Tuesday, January 20, 2015
That's a Crock!
QUESTION: Some time ago I purchased an old crock at an antique show in my area. I believe it holds two gallons and has two hearts and the number “2" painted in blue on the front. The name Sarah Good is incised above the hearts. Can you tell me how old this crock is and what is the significance of the heart design?
ANSWER: Heart decoration was somewhat rare among crocks. Though your crock has a name incised in it isn’t unusual, that the name is female is. This indicates that this crock may have been a wedding gift, specially made for Sarah Good. After all, a crock in the early to mid-19th century was a piece of kitchen equipment much as a set of canisters is today.
Potters made crocks of American stoneware, which they covered in an alkaline or salt glaze and often decorated using cobalt oxide to produce bright blue designs. Though people often use the term "crock" to describe this type of pottery, the word "crock" wasn’t used at the time these vessels were popular.
Stoneware is a type of pottery that’s fired to about 1200°C to 1315°C. While it originated in the Rhineland area of Germany in the 15tth century, it became the dominant piece of houseware in America between 1780 and 1890. People relied on American Stoneware as not only a durable, decorative piece of houseware but as a safer alternative to lead-glazed earthenware. The invention of refrigeration caused its decline.
Americans began producing salt-glazed stoneware circa 1720 in Philadelphia, Pennsylvania, and Yorktown, Virginia. By the 1770s, the art of salt-glazed stoneware production had spread to many centers throughout the United States, most notably Manhattan, New York. The Remmey and Crolius families of potters would, by the turn of the 19th century, set the standard for expertly crafted and beautiful stoneware. By 1820, potters in nearly every American city produced stoneware, with those from Baltimore, Maryland, standing out for their excellent craftsmanship.
While salt-glazing is the typical glaze technique seen on American Stoneware, potters employed other glazing methods. They often dipped vessels in Albany Slip, a mixture made from a clay peculiar to the Upper Hudson Region of New York, and when fired, produced a dark brown glaze. They sometimes used this slip as a glaze to coat the inside surface of salt-glazed ware.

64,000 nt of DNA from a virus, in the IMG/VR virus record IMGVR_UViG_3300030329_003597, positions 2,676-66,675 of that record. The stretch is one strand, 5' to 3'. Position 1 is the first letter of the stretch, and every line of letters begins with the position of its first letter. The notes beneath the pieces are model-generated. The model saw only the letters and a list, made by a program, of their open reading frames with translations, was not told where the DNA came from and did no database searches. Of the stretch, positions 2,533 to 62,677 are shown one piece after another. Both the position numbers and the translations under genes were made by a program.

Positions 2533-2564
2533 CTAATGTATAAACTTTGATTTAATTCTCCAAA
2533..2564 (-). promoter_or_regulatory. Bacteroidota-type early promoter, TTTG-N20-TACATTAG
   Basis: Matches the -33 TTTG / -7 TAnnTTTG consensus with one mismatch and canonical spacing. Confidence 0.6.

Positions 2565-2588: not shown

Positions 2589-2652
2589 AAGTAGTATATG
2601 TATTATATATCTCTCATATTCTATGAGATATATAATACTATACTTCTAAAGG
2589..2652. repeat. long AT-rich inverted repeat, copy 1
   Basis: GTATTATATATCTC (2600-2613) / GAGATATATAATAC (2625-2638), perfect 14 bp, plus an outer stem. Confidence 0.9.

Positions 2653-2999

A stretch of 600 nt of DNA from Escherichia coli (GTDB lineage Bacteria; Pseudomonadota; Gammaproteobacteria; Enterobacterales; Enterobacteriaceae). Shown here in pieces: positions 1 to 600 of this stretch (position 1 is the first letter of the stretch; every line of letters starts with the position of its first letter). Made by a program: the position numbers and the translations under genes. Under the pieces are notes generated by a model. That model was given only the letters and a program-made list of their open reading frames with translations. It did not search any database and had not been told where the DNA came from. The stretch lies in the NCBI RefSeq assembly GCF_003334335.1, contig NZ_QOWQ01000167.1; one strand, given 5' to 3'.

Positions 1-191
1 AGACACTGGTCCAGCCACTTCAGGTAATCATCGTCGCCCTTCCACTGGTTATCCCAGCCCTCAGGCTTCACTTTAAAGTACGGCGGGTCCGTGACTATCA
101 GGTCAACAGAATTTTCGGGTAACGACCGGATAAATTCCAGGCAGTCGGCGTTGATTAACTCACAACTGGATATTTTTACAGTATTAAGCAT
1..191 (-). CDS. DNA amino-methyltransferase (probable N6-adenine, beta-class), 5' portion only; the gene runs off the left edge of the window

While decorated ware was usually adorned using cobalt oxide, American Stoneware potters used other decorative techniques. Incising, a method in which a design of flowering plants, birds, or some other decoration was cut into the leather-hard clay using a stylus, produced detailed, recessed images on the vessels. Potters usually highlighted these in cobalt. They also impressed designs into the leather-hard clay using wooden stamps. Potters occasionally substituted manganese or iron oxide for cobalt oxide to produce brown, instead of blue, decorations on their pieces.
In the last half of the 19th century, potters in New England and New York state began producing stoneware with elaborate figural designs such as deer, dogs, birds, houses, people, historical scenes and other fanciful motifs including elephants and "bathing beauties."
Most stoneware jugs had some sort of decoration on them which covered only a small area. Unlike other pottery, they weren’t decorated all over. Birds and flowers were commonly painted using cobalt-oxide glaze or incised into the surface with a stylus.
More elaborate designs featured chickens standing by a water trough or sprigs of greenery artfully handpainted with cobalt slip. Sometimes the location of the potter appeared on the side of the jar or on its base.
A crock’s decoration can often be a clue to where it was made. A two-gallon jug with a cobalt design of a sailing ship with flag atop the middle of three fasts, a light-house to the right and a group of rocks to te left, indicates that it most likely came from New England.
Potters signed a good bit of their work using their maker’s mark or sometimes incised their signatures in the surface of the jar. Many pieces can be attributed to particular makers based on the cobalt decoration, clay body, form, and such. They marked the gallon capacity of the vessels using numeral stamps or incised or cobalt oxide numbers or hash marks applied freehand.
For the last several years, stoneware prices have been climbing ever higher, especially for the high-end wares. Most stoneware crocks sell for four to six figures, depending on their maker and condition.
Collectors continue to pay premium prices for stoneware decorated with elaborate and unique motifs. Attributed to David Parr Sr. of Baltimore, a circa-1830 six-gallon jar with a cobalt design of a flower basket that covered the entire front of the vessel sold for $13,750 at auction. The back of the jar featured a flowering plant rising' from a mound of earth. The vessel had rim and base chips, as well as several cracks and still sold for a high amount.
The same auction contained a one-gallon stoneware jug showing a house, tree and fence which sold for $10,175. Stamped J. & E. Norton/Bennington, Vermont, buyers liked this circa-1855 jug not only for its cobalt decoration, but also for its small size. Salt-glazed pieces sell for especially high prices. A salt-glazed water cooler brought $10,500 at auction.